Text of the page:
By Terry Pratchett

Rating: 4 stars

Another world is colliding with this one and nobody can or will do anything about it. Nobody, that is, except Tiffany Aching. Tiffany Aching who makes good cheese; who hits monsters in the face with a frying pan; and who has the First Sight and the Second Thoughts (much more useful than the other way around). With the help of the Nac Mac Feegle and a book on sheep diseases, Tiffany ventures into the other world to stop the Queen and to save her baby brother.

It’s been years since I first read this book and I had forgotten just how ‘witchy’ that Tiffany is right from the start of the series that begins with this book. A sensible girl who does what needs doing and who stands up to Granny Weatherwax.

For me, the Feegle are as much stars of this book as Tiffany. They could be a parody but in Pratchett’s hands they become more than that. They’re a wonderful creation (especially the swords that glow blue in the presence of lawyers) and a lot of fun.

There’s one line in particular that stands out as totemic of what Pratchett tries to invoke in all of us and which brought a lump to my throat: “Them as can do, has to do for them as can’t. And someone has to speak up for them as has no voices.” Pratchett reminds us with this single line what we’re like when we’re at our best and what we should strive to be.

Book details

Publisher: Corgi Childrens
Year of publication: 2003

Mister Clip-Clop: Intergalactic Space Unicorn (EDGE: Bandit Graphics)

By Tony Lee, Neil Slorance

Rating: 4 stars

I’ve been a fan of Neil Slorance for a while now, so when I saw on his Twitter that he had a limited number of this fun little comic back in stock, I snapped it up. It’s a slight little thing, coming in at 32 pages, but 32 pages of pure delight. Neil says it’s suitable for ages 7 and up, and I’m definitely up! It’s drawn in his trademark cutesy style, and is a lot of fun, as the titular space unicorn falls to Earth and has to team up with a couple of young girls to save the world from invisible Ooze monsters.

Technically I bought this for my niece, but since she’s not seven yet, I’ll just have to *cough* “take care” of it for her for a while…

Book details

ISBN: 9781445157061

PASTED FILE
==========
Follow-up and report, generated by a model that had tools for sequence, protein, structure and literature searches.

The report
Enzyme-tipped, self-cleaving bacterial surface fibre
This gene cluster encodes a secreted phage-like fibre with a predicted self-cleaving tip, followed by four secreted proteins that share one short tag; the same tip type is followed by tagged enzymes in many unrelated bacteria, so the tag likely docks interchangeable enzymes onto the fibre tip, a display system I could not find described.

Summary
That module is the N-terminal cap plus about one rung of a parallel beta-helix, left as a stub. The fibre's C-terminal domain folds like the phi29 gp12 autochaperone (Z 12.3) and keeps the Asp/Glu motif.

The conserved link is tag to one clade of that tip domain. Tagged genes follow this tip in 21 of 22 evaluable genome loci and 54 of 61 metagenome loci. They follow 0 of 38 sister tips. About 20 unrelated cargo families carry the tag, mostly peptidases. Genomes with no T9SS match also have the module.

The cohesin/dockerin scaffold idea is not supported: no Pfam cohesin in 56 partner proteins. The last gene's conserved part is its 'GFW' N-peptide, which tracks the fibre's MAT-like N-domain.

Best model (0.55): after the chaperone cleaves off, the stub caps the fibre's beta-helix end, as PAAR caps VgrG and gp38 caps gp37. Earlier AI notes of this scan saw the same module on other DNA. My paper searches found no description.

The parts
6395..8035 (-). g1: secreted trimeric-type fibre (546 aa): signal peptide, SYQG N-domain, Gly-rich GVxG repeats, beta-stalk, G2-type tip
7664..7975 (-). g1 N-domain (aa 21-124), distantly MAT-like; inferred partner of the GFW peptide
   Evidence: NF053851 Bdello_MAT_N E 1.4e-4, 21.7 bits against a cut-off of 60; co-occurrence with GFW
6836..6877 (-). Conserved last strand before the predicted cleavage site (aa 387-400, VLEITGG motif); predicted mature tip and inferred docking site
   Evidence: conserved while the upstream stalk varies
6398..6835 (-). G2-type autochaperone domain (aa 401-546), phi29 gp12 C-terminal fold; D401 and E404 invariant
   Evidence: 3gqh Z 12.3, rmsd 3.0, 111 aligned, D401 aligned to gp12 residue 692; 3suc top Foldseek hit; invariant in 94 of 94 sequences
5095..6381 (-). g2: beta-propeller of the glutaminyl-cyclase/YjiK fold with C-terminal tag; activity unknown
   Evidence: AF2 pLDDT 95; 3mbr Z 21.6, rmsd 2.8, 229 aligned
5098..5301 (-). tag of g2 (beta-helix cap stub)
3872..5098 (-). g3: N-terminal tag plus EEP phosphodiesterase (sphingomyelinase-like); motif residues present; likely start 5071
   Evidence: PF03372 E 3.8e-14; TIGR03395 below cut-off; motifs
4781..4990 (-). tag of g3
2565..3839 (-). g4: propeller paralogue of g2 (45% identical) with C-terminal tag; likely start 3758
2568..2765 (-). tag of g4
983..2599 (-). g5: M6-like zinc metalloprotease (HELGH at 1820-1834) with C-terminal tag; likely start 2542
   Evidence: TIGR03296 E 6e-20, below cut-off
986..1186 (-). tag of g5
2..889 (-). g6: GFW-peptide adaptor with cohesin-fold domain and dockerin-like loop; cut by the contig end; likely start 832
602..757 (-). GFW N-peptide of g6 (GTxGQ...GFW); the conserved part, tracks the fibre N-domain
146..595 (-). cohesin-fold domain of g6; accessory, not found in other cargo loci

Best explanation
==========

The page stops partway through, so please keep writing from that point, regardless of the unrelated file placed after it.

Publisher: Franklin Watts

The Story of Doctor Dolittle (Doctor Dolittle, #1)

By Hugh Lofting

Rating: 3 stars

I can’t remember what format I first encountered Doctor Doolittle in, whether it was a film or possibly a cartoon featuring the good doctor. Whatever it was, I’m fairly sure it didn’t have the racism of the original book. It’s a shame as otherwise it’s a fun little kids’ book. The titular Doctor learns the language of animals, and goes off to Africa to cure a plague amongst the monkeys. But the subplot about the Africans he encounters (especially the very sad one about their prince) are cringeworthy to a modern audience, and the language used mean that I’d be very hesitant about giving this as a present to my young niece, as I’d originally intended.

Apart from that, it’s quite a charming story, with a very kind-hearted protagonist who saves animals and fights pirates. Ultimately, as an adult, I’m able to put it in context and do the whole product-of-its-time thing, but I definitely wouldn’t want to give it to a child without having A Talk with them first.

Book details

Publisher: Jonathan Cape
Year of publication: 1920

Dragons at Crumbling Castle: And Other Stories

By Terry Pratchett

Rating: 3 stars

These are stories written by Pratchett when he was a young man, working for his local paper. The Young Pratchett wrote a children’s story for them every week, which is what makes up this collection, and is, according to the foreword, mostly unaltered from that time. They’re very definitely written by an author still finding his way and don’t have the polish of later Pratchett. We do get a couple of stories set on the Carpet, which would go on to become The Carpet People (which I’ve read, but so long ago I don’t remember anything about it and was BG [Before GoodReads]) and some fun stories (my favourite being the one about the time-travelling bus), but I didn’t really get an awful lot out of this one. I think this may be passed to my sister as bedtime story material for my nephlings.

Book details